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AU - Adelsheim, Steven

AU - Calkins, Roderick

AU - Carter, Cameron S

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AU - Sale, Tamara G.

AU - Taylor, Stephan F.

AU - McFarlane, William R.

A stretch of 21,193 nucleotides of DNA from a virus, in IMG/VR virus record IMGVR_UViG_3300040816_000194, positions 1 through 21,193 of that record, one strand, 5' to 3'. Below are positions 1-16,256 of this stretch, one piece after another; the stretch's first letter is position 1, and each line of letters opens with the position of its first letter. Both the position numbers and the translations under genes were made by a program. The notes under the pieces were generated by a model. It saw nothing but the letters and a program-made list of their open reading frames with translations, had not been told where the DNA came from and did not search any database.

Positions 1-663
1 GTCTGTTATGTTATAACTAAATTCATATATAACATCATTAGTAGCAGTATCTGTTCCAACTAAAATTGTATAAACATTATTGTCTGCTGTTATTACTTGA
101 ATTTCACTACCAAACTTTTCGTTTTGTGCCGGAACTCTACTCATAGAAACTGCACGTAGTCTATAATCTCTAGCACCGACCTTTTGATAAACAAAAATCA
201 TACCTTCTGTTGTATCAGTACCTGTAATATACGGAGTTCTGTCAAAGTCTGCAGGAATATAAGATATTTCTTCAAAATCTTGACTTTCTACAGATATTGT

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N2 - Objective: As part of the second phase of the North American Prodrome Longitudinal Study (NAPLS-2), Cannon and colleagues report, concurrently with the present article, on a risk calculator for the individualized prediction of a psychotic disorder in a 2-year period. The present study represents an external validation of the NAPLS-2 psychosis risk calculator using an independent sample of patients at clinical high risk for psychosis collected as part of the Early Detection, Intervention, and Prevention of Psychosis Program (EDIPPP). Method: Of the total EDIPPP sample of 210 subjects rated as being at clinical high risk basedonthe Structured Interview for Prodromal Syndromes, 176 had at least one follow-up assessment and were included in the construction of a new prediction model with six predictor variables in the NAPLS-2 psychosis risk calculator (unusual thoughts and suspiciousness, symbol coding test performance, verbal learning test performance, decline in social functioning, baseline age, and family history). Discrimination performance was assessed with the area under the receiver operating characteristic curve (AUC). The NAPLS-2 risk calculator was then used to generate a psychosis risk estimate for each case in the external validation sample. Results: The external validation model showed good discrimination, with an AUC of 0.790 (95% CI=0.644-0.937). In addition, the personalized risk generated by the risk calculator provided a solid estimation of the actual conversion outcome in the validation sample. Conclusions: Two independent samples of clinical high-risk patients converge to validate the NAPLS-2 psychosis risk calculator. This prediction calculator represents a meaningful step toward early intervention and the personalized treatment of psychotic disorders.